\begin{align*} \limsup_{n \to \infty} \frac{H(\theta_{(n + 1)k}) - H(\theta_{\infty})}{H(\theta_{nk}) - H(\theta_{\infty})} & = \limsup_{n \to \infty} \frac{g_{(n + 1)k}^T G g_{(n + 1)k}}{g_{nk}^T G g_{nk}} \\ & \leq \limsup_{n \to \infty} \frac{b \| g_{(n + 1)k}\|^2}{a \| g_{nk}\|^2} = \frac{b}{a} r^{2k} \end{align*}

where $$r \in (0, 1)$$ is the asymptotic rate of $$\theta_n \to \theta_{\infty}$$. By choosing $$k$$ sufficiently large, the right hand side above is strictly smaller than 1, which gives an upper bound on the rate along the subsequence $$H(\theta_{nk})$$. A similar argument gives a lower bound strictly larger than 0, which shows that the convergence is not superlinear.

Using Taylor’s theorem on $$\nabla H(\theta_{nk})$$ yields a similar proof for the subsequence $$\|\nabla H(\theta_{nk})\|$$ – with $$G$$ replaced by $$G^2$$ in the bounds.

The bounds in the proof are often pessimistic since $$g_n$$ and $$g_{n+1}$$ can point in completely different directions. Exercise ?? shows, however, that if $$\theta_n$$ approaches $$\theta_{\infty}$$ nicely along a fixed direction (making $$g_n$$ and $$g_{n+1}$$ almost collinear), $$H(\theta_n)$$ as well as $$\|\nabla H(\theta_n)\|$$ inherit linear convergence from $$\theta_n$$ and even with the same rate.

All rates discussed hithereto are per iteration, which is natural when investigating a single algorithm. However, different algorithms may spend different amounts of time per iteration, and it does not make sense to make a comparison of per iteration rates across different algorithms. We therefore need to be able to convert between per iteration and per time unit rates. If one iteration takes $$\delta$$ time units (seconds, say) the per time unit rate is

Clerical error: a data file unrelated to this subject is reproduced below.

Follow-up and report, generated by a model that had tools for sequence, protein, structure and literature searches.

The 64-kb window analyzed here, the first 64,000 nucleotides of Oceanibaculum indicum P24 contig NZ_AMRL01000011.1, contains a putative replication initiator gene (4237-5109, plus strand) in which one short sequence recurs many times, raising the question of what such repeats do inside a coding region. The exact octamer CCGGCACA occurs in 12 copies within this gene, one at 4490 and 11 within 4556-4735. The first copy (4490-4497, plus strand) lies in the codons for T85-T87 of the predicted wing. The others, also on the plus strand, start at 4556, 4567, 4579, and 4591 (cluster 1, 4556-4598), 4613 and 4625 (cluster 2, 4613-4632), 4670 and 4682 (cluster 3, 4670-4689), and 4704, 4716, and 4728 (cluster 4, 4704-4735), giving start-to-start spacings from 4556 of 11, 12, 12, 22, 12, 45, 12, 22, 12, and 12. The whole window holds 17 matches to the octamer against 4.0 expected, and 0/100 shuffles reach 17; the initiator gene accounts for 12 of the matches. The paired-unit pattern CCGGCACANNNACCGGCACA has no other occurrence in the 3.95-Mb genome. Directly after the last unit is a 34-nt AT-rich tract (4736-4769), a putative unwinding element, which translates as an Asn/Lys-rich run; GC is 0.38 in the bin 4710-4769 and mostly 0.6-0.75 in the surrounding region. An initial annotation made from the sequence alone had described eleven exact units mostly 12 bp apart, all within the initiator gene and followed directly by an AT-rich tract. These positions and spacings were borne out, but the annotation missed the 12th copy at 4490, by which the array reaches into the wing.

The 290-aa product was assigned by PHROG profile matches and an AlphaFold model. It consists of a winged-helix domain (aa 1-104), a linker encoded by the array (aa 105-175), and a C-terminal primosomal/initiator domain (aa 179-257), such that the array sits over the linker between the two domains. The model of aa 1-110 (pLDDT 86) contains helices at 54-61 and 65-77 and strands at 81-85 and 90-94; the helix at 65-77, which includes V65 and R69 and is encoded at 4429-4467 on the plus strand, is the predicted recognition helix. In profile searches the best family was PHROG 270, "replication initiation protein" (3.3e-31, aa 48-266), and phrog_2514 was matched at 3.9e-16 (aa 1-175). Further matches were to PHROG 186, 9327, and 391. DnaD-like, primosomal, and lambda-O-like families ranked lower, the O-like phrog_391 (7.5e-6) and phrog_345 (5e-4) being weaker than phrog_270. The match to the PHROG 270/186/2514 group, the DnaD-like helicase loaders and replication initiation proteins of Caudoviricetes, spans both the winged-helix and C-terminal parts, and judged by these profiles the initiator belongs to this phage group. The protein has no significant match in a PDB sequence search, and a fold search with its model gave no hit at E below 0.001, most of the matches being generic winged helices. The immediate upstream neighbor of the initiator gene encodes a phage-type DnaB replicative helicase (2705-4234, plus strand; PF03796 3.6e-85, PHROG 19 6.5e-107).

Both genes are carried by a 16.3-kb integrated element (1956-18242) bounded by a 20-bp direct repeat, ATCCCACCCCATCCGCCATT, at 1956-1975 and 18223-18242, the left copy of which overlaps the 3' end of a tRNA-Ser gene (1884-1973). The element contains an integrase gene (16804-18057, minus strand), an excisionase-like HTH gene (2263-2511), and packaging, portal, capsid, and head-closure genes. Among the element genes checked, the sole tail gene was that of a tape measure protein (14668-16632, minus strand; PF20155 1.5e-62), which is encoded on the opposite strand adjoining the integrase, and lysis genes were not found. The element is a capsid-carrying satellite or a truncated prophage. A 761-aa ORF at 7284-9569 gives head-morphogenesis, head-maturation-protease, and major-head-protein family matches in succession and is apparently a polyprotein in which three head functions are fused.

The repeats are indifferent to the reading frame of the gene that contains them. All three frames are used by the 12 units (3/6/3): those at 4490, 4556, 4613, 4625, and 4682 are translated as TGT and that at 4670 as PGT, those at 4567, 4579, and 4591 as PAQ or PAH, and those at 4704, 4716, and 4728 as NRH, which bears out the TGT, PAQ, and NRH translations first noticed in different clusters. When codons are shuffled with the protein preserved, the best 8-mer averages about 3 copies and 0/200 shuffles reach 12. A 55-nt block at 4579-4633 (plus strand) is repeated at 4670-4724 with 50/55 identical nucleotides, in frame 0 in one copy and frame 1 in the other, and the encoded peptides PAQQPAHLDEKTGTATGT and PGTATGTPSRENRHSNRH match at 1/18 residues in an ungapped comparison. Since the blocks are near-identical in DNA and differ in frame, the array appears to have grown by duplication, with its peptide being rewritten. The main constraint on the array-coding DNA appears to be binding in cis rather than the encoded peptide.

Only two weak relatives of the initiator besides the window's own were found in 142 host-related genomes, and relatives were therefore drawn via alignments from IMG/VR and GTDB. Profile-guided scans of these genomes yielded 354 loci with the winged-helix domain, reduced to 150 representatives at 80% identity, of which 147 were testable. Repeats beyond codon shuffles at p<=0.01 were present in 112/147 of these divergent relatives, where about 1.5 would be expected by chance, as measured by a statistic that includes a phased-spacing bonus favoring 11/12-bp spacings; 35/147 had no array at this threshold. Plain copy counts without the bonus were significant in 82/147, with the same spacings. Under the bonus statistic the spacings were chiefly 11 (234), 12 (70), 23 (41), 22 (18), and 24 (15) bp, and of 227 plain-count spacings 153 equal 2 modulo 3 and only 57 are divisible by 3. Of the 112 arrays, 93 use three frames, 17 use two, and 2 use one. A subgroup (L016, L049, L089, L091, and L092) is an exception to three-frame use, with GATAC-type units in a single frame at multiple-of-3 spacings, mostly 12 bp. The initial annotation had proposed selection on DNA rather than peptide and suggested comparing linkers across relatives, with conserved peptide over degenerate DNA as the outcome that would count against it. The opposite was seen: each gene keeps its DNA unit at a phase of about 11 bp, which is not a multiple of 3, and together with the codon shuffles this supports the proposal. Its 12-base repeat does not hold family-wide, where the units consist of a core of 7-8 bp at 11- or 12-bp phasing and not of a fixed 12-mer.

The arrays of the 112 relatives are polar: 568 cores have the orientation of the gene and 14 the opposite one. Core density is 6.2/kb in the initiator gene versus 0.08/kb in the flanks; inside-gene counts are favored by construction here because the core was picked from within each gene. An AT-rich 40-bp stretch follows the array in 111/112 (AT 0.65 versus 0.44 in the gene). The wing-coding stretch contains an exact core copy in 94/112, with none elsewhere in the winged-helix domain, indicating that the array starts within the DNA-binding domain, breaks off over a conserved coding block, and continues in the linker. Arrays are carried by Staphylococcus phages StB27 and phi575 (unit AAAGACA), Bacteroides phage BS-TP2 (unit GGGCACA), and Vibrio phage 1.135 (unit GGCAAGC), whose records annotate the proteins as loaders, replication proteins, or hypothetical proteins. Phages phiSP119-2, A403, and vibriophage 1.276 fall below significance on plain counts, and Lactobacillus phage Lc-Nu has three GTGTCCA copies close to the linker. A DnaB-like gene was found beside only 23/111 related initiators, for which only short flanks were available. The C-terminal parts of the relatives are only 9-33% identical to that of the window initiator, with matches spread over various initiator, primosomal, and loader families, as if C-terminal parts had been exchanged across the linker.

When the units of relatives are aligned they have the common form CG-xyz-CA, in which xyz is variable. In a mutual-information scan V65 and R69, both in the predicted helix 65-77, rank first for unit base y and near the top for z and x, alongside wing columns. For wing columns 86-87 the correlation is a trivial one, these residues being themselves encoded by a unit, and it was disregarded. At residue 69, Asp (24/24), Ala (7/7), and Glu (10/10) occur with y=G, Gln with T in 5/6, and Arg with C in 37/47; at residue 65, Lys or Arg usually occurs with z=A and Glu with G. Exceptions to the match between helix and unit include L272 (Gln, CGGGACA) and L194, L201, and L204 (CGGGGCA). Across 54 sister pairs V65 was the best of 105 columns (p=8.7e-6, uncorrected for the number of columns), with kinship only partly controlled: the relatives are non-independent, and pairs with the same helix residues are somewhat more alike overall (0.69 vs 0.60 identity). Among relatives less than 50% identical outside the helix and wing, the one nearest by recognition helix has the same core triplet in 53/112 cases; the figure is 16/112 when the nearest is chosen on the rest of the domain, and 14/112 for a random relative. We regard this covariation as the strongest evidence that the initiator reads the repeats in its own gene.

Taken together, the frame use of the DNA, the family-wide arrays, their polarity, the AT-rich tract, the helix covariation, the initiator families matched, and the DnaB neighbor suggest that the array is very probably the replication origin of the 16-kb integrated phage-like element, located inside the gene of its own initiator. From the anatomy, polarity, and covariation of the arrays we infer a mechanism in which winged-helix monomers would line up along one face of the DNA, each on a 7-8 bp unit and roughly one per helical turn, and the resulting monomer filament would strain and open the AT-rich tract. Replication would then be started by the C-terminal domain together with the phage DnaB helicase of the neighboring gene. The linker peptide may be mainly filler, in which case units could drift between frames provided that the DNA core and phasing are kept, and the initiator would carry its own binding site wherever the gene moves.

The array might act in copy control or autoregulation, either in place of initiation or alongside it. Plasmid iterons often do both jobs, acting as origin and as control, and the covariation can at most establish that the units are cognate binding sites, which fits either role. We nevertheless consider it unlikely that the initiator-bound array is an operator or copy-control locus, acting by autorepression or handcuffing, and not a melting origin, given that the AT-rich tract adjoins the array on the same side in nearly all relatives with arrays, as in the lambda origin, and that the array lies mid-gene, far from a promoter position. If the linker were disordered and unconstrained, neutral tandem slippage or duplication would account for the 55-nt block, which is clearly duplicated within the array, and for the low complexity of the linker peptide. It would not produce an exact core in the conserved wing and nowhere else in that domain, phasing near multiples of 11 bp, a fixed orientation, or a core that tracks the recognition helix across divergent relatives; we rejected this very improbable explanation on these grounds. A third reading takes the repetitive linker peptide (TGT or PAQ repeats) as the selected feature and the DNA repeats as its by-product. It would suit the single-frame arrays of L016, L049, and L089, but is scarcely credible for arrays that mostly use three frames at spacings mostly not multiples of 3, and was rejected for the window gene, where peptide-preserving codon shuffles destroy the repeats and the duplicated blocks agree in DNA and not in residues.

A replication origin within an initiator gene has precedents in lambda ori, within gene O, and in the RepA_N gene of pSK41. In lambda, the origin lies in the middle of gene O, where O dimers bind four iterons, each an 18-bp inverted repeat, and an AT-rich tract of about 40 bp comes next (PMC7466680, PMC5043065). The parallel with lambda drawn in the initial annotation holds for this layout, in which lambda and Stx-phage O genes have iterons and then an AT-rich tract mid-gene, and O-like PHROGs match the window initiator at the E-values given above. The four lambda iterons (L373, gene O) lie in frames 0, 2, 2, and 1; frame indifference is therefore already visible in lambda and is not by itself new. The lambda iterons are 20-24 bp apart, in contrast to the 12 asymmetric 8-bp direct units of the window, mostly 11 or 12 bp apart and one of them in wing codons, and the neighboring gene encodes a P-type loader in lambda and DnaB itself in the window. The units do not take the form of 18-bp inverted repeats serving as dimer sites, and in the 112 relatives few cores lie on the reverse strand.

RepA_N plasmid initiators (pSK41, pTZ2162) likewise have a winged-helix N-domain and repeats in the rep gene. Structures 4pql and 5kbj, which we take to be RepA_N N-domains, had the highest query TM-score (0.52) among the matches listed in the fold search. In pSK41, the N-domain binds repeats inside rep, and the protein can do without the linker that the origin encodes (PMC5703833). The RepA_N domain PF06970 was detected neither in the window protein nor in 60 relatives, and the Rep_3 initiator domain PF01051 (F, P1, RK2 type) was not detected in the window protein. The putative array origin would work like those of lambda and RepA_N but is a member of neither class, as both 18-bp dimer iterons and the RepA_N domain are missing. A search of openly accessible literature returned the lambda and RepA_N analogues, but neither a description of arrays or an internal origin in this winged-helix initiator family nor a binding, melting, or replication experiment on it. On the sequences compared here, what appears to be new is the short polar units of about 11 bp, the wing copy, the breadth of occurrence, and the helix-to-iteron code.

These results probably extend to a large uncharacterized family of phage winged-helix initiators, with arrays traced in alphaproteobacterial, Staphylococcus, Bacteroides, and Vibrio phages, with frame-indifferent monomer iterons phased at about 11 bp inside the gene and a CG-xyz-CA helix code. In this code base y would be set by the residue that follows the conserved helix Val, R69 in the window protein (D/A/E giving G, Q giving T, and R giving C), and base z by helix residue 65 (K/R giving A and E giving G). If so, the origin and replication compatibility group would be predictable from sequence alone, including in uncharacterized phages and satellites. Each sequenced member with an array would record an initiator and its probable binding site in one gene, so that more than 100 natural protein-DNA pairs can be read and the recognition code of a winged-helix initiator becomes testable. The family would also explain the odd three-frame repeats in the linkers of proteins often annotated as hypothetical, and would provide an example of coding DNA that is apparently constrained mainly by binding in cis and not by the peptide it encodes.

$r^{1/\delta}.$

If $$t_n$$ denotes the runtime of $$n$$ iterations, we could estimate $$\delta$$ as $$t_M / M$$ for $$M$$ sufficiently large.

We will throughout systematically investigate convergence as a function of time $$t_n$$ instead of iterations $$n$$, and we will estimate rates per time unit directly by least squares regression on $$t_n$$ instead of $$n$$.

7.2.3 Stopping criteria

One important practical question remains unanswered even if we understand the theoretical convergence properties of an algorithm well and have good methods for measuring its convergence rates. No algorithm can run for an infinite number of iterations, thus all algorithms need a criterion for when to stop, but the choice of an appropriate stopping criterion is notoriously difficult. We present four of the most commonly used criteria and discuss benefits and deficits for each of them.

Maximum number of iterations: Stop when

$n = M$

for a fixed maximum number of iterations $$M$$. This is arguably the simplest criterion, but, obviously, reaching a maximum number of iterations provides no evidence in itself that $$H(\theta_M)$$ is sufficiently close to a (local) minimum. For a specific problem we could from experience know of a sufficiently large $$M$$ so that the algorithm has typically converged after $$M$$ iterations, but the most important use of this criterion is in combination with another criterion so that it works as a safeguard against an infinite loop.